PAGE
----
WikiLeaks Reveals CIA Windows Spyware ‘Athena’

CIA Athena

WikiLeaks has published documents from the CIA’s “Athena” project, a spyware malware that targets all versions of Windows from Windows XP to Windows 10.

Codenamed “Athena”, the malware was developed by the CIA alongside New Hampshire-based ‘cybersecurity’ company Siege Technologies. The malware provides “remote beacon and loader capabilities” on victims’ Windows machines.

An excerpt from WikiLeaks’ reveal reads:

Once installed, the malware provides a beaconing capability (including configuration and task handling), the memory loading/unloading of malicious payloads for specific tasks and the delivery and retrieval of files to/from a specified directory on the target system.

The malware even enables the operator behind it to tweak and configure settings during runtime, effectively customizing the malware.

“I feel more comfortable working on electronic warfare,” Jason Syversen, Siege Technologies founder reportedly said in an email published by WikiLeaks. “It’s a little different than bombs and nuclear weapons – that’s a morally complex field to be in.”

Athena joins WannaCry as two variants of government-sponsored malware wherein the CIA has effectively discovered vulnerabilities in the world’s most popular operating system and made malware to exploit it. As opposed to notifying or reporting the vulnerabilities to Microsoft.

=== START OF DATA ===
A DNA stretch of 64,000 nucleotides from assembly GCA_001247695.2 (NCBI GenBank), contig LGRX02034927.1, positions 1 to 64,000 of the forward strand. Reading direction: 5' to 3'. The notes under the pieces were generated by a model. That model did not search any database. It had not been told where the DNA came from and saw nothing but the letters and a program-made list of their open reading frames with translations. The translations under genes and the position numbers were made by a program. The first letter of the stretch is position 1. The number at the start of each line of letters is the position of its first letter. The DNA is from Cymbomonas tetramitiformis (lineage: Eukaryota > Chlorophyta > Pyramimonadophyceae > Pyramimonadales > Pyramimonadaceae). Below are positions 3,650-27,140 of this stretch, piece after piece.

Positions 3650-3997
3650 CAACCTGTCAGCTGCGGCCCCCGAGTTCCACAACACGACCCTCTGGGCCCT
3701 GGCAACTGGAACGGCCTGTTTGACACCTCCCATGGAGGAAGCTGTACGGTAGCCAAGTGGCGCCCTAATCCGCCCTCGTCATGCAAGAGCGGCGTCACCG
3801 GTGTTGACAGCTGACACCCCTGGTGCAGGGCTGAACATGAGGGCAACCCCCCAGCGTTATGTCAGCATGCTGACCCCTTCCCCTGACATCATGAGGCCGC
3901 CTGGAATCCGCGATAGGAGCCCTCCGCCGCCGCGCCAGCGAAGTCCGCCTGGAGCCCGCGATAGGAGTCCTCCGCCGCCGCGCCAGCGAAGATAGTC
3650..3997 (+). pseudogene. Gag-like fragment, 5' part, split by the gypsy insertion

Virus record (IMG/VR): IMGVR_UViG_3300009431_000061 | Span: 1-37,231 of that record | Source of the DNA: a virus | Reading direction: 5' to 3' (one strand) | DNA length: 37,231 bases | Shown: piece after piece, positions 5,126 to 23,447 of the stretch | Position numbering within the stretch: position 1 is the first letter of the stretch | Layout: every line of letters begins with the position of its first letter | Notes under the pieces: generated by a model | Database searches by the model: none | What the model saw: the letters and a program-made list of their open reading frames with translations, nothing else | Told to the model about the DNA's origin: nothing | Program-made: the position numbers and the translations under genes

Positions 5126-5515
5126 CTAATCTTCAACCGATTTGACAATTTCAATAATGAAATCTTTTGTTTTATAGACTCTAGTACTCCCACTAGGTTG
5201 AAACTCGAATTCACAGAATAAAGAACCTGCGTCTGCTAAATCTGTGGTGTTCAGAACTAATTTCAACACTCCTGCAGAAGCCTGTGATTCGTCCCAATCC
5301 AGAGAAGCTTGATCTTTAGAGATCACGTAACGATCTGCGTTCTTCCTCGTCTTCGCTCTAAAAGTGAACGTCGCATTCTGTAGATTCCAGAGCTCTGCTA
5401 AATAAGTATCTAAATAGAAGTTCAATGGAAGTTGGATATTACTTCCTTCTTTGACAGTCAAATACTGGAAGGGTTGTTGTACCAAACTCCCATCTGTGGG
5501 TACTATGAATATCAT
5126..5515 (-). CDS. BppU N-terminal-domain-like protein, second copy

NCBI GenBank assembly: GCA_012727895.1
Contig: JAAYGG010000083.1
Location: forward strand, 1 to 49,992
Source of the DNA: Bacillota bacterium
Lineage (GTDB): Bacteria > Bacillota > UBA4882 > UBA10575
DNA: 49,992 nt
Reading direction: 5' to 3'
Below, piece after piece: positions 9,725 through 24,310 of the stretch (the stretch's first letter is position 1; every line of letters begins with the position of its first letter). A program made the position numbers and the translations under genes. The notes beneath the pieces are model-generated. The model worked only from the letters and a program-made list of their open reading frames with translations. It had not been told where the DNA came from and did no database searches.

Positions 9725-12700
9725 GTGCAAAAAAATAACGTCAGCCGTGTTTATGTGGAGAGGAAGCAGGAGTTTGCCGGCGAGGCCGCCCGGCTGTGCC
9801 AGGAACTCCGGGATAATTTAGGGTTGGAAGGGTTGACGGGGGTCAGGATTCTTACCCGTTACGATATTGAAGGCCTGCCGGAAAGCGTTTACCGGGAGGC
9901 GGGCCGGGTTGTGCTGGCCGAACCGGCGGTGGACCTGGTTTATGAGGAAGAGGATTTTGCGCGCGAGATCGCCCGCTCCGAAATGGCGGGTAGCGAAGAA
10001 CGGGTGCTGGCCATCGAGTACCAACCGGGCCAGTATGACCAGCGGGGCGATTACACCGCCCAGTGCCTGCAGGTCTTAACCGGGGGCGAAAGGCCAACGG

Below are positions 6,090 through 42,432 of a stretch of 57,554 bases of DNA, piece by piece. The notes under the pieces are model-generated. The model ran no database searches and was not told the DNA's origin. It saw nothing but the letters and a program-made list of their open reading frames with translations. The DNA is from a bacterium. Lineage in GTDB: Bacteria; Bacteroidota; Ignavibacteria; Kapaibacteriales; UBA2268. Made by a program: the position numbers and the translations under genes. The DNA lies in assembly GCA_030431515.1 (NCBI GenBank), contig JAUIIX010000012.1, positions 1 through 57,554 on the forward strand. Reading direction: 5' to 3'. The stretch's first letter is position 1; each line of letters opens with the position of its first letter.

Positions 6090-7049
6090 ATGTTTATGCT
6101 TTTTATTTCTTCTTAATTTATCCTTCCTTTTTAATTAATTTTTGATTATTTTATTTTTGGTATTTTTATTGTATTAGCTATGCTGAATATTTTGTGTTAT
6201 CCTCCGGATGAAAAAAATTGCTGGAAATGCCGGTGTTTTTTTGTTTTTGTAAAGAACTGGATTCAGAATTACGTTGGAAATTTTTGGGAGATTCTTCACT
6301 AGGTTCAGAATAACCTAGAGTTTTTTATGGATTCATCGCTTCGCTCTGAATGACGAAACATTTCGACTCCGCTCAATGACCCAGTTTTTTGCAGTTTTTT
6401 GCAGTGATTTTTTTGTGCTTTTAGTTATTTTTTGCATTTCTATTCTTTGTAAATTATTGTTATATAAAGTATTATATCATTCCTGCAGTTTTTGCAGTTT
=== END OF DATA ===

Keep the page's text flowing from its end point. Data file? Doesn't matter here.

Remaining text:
For its part, Microsoft has laid the blame on the US government for creating the hacking tools that were used in the sweeping global cyberattack instigated by the WannaCry ransomware.

Microsoft President and Chief Legal Officer Brad Smith wrote the following in a blog post during the WannaCry attack:

[T]his attack provides yet another example of why the stockpiling of vulnerabilities by governments is such a problem. This is an emerging pattern in 2017. We have seen vulnerabilities stored by the CIA show up on WikiLeaks, and now this vulnerability stolen from the NSA has affected customers around the world. Repeatedly, exploits in the hands of governments have leaked into the public domain and caused widespread damage. 

He further stated that the governments of the world ought to treat this attack as a ‘wake-up call’ and urged them to take a different approach in tact in dealing with weapons in cyberspace, akin to the same rules applied to weapons in the physical world.

Image credit: Wikimedia.